A model of the surface of the Sun. Dr. Viktor Fedun, Lecturer in the University of Sheffield, UK

Event Details
Speaker: Dr. Viktor Fedun, Lecturer in the University of Sheffield, UK
Title: 3D numerical modeling of MHD wave propagation in realistic solar magnetic configurations
Date: Friday, 17 July
Time: 11:30 - 12:30
Venue: Schrodinger Lecture Theatre, Fitzgerald Building


23 Mar 2015

Data analysis begins for the 20 March Eclipse

With the day of last Friday's eclipse already a great success (despite unfortunate weather) for amateur eclipse watchers in Trinity's Front Square, scientific analysis has now begun on the data gathered. Shown above, light levels and temperature showed a clear trough centred around the maximum of the eclipse event at 9:30am.

Photos and total light and temperature measurements for the solar eclipse as seen from Dublin. Credit: Prof. Brian Espey


20 Mar 2015

TCD Astrophysics Group Help Visitors Catch a Glimpse of the Eclipse

TCD Astrophysics group aligning telescopes for the final moments of the eclipse.

The morning of 20th March 2015 was marked by a near-total solar eclipse visible from Dublin. These events occur whenever the moon passes directly between the Earth and the Sun, casting a shadow on the Earth which is hundreds of kilometres wide. While total eclipses take place somewhere on the planet every 18 months on average, being in the right place at the right time, with clear skies, can be very difficult.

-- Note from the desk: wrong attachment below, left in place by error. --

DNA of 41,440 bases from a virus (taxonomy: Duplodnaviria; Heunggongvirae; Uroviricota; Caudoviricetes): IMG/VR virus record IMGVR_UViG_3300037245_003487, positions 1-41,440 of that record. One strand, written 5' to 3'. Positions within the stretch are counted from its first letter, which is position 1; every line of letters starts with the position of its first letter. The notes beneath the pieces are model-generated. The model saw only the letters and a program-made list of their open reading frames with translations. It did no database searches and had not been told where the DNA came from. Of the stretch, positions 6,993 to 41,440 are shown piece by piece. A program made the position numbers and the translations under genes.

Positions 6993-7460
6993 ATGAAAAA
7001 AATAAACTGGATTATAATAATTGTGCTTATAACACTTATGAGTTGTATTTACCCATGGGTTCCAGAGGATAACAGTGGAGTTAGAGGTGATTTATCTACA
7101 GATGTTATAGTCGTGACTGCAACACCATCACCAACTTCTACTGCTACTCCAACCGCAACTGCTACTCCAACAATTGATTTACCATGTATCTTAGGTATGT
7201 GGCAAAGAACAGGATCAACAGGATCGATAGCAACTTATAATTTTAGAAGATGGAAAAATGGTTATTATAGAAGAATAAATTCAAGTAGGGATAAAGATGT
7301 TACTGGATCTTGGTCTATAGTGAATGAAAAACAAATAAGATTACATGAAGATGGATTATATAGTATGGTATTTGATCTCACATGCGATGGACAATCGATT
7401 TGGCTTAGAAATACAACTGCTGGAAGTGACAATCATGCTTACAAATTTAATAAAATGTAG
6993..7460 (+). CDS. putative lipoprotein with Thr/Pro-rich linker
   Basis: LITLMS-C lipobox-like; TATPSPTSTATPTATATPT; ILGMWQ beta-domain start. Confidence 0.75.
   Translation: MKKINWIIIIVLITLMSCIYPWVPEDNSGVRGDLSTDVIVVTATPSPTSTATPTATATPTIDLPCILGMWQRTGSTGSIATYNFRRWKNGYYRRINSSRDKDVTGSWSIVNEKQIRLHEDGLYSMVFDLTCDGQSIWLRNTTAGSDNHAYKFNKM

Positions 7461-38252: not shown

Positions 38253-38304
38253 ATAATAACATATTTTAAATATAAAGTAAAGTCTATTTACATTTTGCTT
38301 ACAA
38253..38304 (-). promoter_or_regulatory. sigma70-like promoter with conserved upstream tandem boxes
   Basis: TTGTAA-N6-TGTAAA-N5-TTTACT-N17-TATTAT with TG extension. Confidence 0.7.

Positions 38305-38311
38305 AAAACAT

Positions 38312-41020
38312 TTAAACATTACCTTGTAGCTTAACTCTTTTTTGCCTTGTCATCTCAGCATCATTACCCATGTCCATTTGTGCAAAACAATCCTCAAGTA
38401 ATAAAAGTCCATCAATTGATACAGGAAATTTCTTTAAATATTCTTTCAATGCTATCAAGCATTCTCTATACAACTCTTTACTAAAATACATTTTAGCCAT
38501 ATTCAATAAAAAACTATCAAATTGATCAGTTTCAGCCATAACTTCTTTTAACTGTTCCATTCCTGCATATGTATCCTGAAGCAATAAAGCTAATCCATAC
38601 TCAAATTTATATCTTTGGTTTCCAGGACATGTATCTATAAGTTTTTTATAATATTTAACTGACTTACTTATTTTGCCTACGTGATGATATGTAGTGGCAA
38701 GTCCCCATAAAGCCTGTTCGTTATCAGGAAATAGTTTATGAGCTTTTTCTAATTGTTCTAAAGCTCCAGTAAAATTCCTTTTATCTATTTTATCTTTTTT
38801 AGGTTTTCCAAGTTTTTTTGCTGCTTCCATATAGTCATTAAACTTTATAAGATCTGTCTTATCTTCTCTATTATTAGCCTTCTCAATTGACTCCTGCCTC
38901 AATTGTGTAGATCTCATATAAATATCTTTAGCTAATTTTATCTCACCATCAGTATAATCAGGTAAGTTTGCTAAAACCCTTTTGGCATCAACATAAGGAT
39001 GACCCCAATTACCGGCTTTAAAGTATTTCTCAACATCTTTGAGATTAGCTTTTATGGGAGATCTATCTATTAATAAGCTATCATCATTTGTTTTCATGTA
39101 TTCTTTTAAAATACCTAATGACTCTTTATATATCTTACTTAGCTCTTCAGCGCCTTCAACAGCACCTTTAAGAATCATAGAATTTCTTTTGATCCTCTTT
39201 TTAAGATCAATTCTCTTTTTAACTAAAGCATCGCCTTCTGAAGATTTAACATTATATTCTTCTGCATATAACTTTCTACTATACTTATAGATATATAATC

The Front Square of Trinity College was packed with visitors eager to observe the event, despite forecasts of cloudy skies. Brief glimpses during near-totality at 9:30 caused an uproar among the crowds, and those who stayed until the end were treated to a completey clear view of the final stages of the eclipse, which was also caught with the WHS Monck Observatory located on top of the Fitzgerald building.

Final stage of the eclipse, imaged by the WHS Monck Observatory at the School of Physics


16 Jan 2015

Comet Lovejoy Visible to the Naked Eye This Month

The new year begins with excitement for astromoners as a rare comet makes it's first appearance without the need for large telescopes. Comet Lovejoy is a relatively bright comet in the evening sky at the moment and easily visible with binoculars. With an orbital period of 11000 years, this comet wont be visible again for a long time.

A number of useful charts showing the position of the comet on the sky, as well as its position in the solar system are available here. Comet chasers can find further information on ideal observing nights here.

Comet Lovejoy, photographed on 10 January 2015.